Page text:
Pollinators – birds, bats, butterflies, moths, flies, beetles, wasps, small mammals, and most importantly, honey bees – provide pollination to over 180,000 different plant species and more than 1,200 crops. That means that one out of every three bites of food you eat is on your fork because of pollinators, which visit flowers to drink nectar or feed off pollen and transport pollen grains as they move from spot to spot.
This week is National Pollinator Awareness Week. Clark, your friendly termite, grounds care, and pest management expert, would like to put the spotlight on the importance of promoting good pollinator health.
There are numerous factors threatening honey bees and other pollinators, but one of the primary threats is the lack of available nectar and pollen sources. Years of urban sprawl have eliminated many of the natural habitats of foraging pollinators, along with their nutrition sources.
Pollinators and the environment
Why are honey bees and other pollinators so important to our environment? Consider the following:
- - Pollination by honey bees and other insects produces nearly $20 billion of products annually in the United States.
- - Foods produced with the help of pollinators are found on our dinner table daily, including apples, strawberries, blueberries, chocolate, melons, peaches, figs, tomatoes, pumpkins, and almonds (you’ll notice that many of those crops are grown in abundance here in California).
- - Approximately 1,000 plants grown for food, beverages, fibers, spices, and medicines need to be pollinated to produce the necessary resources.
Promoting pollinator health
What can you do to promote pollinator health in your community? For one, you can buy local honey and support community beekeepers. Also, you can plant flowers attractive to pollinators.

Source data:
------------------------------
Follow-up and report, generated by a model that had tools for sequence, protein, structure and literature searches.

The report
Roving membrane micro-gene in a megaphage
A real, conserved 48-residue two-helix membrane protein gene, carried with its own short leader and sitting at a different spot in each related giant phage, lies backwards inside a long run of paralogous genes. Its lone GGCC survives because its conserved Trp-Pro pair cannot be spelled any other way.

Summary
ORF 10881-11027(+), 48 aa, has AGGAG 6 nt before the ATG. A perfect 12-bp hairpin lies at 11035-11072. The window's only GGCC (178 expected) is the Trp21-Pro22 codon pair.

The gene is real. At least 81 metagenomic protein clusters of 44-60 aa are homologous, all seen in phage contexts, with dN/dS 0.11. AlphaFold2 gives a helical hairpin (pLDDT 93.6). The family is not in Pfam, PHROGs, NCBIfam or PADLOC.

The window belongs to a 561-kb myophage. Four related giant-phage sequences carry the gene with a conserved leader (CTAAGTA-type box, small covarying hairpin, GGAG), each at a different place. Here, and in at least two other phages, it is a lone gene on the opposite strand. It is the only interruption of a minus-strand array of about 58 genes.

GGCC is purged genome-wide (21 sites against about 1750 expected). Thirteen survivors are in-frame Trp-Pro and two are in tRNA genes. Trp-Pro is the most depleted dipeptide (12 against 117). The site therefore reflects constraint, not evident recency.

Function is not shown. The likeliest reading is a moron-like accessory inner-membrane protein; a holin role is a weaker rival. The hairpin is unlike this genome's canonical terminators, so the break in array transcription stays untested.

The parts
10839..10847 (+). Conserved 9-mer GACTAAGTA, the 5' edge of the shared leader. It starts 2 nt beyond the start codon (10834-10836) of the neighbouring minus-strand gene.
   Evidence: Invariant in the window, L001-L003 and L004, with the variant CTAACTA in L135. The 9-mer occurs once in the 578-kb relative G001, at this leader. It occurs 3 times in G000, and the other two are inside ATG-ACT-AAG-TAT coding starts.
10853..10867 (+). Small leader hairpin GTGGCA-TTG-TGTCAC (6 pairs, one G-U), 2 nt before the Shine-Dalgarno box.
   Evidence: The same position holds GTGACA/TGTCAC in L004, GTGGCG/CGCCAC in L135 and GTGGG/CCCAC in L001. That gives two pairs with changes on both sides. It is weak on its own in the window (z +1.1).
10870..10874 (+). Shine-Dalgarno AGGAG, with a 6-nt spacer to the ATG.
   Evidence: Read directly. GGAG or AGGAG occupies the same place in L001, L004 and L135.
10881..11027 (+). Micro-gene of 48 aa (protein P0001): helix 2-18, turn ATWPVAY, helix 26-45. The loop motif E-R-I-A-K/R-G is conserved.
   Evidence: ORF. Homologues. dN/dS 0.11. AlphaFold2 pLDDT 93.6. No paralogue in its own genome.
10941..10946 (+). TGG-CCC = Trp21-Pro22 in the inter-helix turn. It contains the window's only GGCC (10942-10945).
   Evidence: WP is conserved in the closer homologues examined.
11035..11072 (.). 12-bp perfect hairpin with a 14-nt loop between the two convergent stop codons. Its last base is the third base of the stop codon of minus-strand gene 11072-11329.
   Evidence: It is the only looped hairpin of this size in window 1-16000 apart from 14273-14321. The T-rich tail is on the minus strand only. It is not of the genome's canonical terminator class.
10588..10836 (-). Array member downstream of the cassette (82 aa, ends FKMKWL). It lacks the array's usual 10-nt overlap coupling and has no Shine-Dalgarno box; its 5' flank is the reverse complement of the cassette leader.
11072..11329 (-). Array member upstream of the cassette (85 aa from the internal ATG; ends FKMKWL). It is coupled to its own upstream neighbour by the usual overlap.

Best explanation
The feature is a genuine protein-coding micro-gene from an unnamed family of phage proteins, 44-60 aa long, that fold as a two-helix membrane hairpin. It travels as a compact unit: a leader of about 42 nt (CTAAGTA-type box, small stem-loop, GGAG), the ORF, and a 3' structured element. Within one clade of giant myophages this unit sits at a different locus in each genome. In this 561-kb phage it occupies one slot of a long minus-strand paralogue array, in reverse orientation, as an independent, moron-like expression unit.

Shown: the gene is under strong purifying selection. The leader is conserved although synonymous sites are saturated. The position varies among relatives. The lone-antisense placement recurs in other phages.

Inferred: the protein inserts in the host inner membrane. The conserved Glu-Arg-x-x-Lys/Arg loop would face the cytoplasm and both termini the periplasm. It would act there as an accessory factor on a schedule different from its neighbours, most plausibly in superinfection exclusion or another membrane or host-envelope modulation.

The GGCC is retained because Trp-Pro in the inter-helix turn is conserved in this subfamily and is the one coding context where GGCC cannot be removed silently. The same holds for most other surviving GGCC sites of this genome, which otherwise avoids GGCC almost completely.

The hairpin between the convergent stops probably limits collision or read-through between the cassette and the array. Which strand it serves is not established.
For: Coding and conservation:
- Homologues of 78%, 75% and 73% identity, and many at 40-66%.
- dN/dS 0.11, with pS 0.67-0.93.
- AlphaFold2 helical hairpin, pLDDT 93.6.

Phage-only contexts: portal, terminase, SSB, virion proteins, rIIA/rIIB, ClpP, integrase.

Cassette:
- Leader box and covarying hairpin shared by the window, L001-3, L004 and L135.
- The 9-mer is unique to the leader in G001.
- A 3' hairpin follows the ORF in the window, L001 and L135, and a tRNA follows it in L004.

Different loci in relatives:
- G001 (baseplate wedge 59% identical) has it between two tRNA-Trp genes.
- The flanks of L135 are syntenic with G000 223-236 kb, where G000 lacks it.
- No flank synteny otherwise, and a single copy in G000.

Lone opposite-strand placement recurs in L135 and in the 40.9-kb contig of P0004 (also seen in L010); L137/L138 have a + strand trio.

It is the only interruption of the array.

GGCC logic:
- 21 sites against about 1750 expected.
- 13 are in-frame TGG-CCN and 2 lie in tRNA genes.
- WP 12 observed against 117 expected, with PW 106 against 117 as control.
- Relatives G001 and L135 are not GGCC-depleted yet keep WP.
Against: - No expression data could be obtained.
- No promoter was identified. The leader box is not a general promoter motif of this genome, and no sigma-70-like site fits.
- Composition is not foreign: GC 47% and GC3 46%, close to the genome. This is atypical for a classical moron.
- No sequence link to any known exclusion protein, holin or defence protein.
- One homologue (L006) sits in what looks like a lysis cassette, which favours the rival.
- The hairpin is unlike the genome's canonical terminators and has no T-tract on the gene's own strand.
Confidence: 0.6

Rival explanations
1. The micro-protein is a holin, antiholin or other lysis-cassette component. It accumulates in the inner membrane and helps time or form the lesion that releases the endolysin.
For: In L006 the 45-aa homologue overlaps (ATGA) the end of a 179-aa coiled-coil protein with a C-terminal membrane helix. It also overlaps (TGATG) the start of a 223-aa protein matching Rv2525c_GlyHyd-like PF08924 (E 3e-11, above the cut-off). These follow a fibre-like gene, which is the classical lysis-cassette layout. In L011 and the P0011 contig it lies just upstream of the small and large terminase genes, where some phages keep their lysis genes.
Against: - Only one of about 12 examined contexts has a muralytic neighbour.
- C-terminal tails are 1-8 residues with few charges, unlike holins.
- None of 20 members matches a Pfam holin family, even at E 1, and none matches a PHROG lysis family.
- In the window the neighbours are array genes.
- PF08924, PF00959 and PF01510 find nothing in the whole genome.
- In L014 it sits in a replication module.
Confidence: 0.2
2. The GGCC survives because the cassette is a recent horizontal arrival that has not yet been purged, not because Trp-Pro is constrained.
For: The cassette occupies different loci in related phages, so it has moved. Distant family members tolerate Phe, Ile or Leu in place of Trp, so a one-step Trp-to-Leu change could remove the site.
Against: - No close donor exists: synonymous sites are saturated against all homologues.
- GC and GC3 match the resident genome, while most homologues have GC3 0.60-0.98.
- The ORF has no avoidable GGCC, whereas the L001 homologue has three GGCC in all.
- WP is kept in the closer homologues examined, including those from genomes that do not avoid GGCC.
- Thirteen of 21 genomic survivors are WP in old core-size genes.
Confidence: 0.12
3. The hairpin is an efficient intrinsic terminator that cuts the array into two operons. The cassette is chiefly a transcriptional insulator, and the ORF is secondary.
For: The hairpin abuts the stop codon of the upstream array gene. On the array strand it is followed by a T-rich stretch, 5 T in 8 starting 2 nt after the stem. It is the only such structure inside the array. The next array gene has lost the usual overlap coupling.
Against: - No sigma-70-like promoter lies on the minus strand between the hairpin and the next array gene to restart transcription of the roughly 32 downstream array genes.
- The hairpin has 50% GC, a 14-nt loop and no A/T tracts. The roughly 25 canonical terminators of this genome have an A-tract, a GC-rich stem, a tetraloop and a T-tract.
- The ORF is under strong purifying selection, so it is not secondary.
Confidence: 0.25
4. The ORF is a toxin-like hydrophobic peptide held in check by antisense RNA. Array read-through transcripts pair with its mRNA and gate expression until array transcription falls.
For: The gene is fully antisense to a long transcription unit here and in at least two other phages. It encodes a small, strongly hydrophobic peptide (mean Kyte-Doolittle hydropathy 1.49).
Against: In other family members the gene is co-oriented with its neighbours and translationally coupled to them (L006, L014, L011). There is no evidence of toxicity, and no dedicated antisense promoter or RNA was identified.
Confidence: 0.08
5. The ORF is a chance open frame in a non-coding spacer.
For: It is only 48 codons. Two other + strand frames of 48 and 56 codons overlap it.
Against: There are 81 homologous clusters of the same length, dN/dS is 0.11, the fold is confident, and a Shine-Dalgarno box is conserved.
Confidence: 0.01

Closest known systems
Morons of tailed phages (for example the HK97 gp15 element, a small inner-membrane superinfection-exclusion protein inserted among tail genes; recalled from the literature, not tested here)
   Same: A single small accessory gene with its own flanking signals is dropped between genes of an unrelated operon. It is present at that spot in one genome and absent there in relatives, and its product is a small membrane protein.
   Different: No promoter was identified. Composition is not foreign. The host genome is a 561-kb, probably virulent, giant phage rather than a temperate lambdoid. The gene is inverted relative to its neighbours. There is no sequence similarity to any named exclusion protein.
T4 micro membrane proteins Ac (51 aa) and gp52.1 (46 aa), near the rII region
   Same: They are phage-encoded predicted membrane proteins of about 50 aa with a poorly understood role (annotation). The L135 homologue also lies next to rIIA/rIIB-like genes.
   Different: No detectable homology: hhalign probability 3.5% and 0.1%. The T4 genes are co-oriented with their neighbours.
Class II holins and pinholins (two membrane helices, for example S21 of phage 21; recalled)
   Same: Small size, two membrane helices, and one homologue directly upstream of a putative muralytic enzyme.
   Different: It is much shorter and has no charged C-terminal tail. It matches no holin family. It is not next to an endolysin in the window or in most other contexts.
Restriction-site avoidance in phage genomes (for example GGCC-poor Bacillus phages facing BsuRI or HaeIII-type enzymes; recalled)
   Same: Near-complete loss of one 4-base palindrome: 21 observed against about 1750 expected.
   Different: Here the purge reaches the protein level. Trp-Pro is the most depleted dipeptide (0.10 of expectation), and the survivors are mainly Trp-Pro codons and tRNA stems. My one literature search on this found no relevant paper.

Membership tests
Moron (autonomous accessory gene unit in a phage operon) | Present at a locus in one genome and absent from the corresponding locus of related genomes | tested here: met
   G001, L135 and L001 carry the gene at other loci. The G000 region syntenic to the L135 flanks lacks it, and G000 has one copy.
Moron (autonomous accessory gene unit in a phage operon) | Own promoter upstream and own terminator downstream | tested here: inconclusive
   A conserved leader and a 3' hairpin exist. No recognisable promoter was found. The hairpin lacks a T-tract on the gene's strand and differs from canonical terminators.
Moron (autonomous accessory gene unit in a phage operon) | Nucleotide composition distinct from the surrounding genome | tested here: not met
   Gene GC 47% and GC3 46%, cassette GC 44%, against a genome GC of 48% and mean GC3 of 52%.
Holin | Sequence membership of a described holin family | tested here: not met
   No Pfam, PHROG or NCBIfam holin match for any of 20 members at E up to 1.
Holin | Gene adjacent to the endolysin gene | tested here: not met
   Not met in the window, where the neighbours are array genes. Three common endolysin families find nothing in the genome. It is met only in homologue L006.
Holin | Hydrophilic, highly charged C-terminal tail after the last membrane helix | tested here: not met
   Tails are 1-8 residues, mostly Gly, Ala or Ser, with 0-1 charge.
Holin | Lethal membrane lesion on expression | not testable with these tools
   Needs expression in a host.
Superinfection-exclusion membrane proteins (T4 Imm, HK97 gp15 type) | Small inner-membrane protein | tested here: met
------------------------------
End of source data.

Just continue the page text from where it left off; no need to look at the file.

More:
By planting flowers, you can play a role in protecting the pollinators and help to support our nation’s food supply. Not only will bees and other pollinators benefit from this simple act of goodwill, but the colorful vegetation will also make your home, yard, or patio more attractive and enjoyable.
Community and private gardens that contain flowers and plants attractive to pollinators can be extremely beneficial in providing new food sources. Clark recommends planting flowering plants, herbs, and vegetables, including wildflowers, lavender, sunflowers, goldenrod, honeysuckle, chives, oregano, and thyme.
Clark would like to issue a word of caution before you start planting your garden, however. Your garden should be a welcoming oasis for bees that are being raised by professional or hobby beekeepers, as these individuals understand how to work safely with bees. It’s a good idea to plant your gardens away from your house and outdoor seating areas.
Stinging insects that aren’t so friendly
Did you know more than a half-million people go to the emergency room due to allergic reactions after being stung? This is why understanding the differences between beneficial stinging insects and those that present a health threat is so important.
If you do find a nest or hive in or around your home, call a licensed pest management professional to help identify the type of insect present. Do not attempt to remove it yourself. Once proper identification is made, the pest professional can safely remove the nest and threat if needed.
Clark Pest Control is committed to safeguarding your home from pests during these challenging times. Our service technicians use such personal protective equipment as gloves, masks, and respirators, they practice social distancing, they call ahead to notify before a service, and they adhere strictly to all Centers for Disease Control and Prevention guidelines when servicing inside or outside your home.
If you have questions on pollinator health or stinging insects, call or text (800) WE-NEED-YOU (936-3339) or email us at email@example.com. We are ready to help solve your pest issues.
Until next time, the pest management professionals at Clark Pest Control thank you for helping to keep unwanted pests out of your home.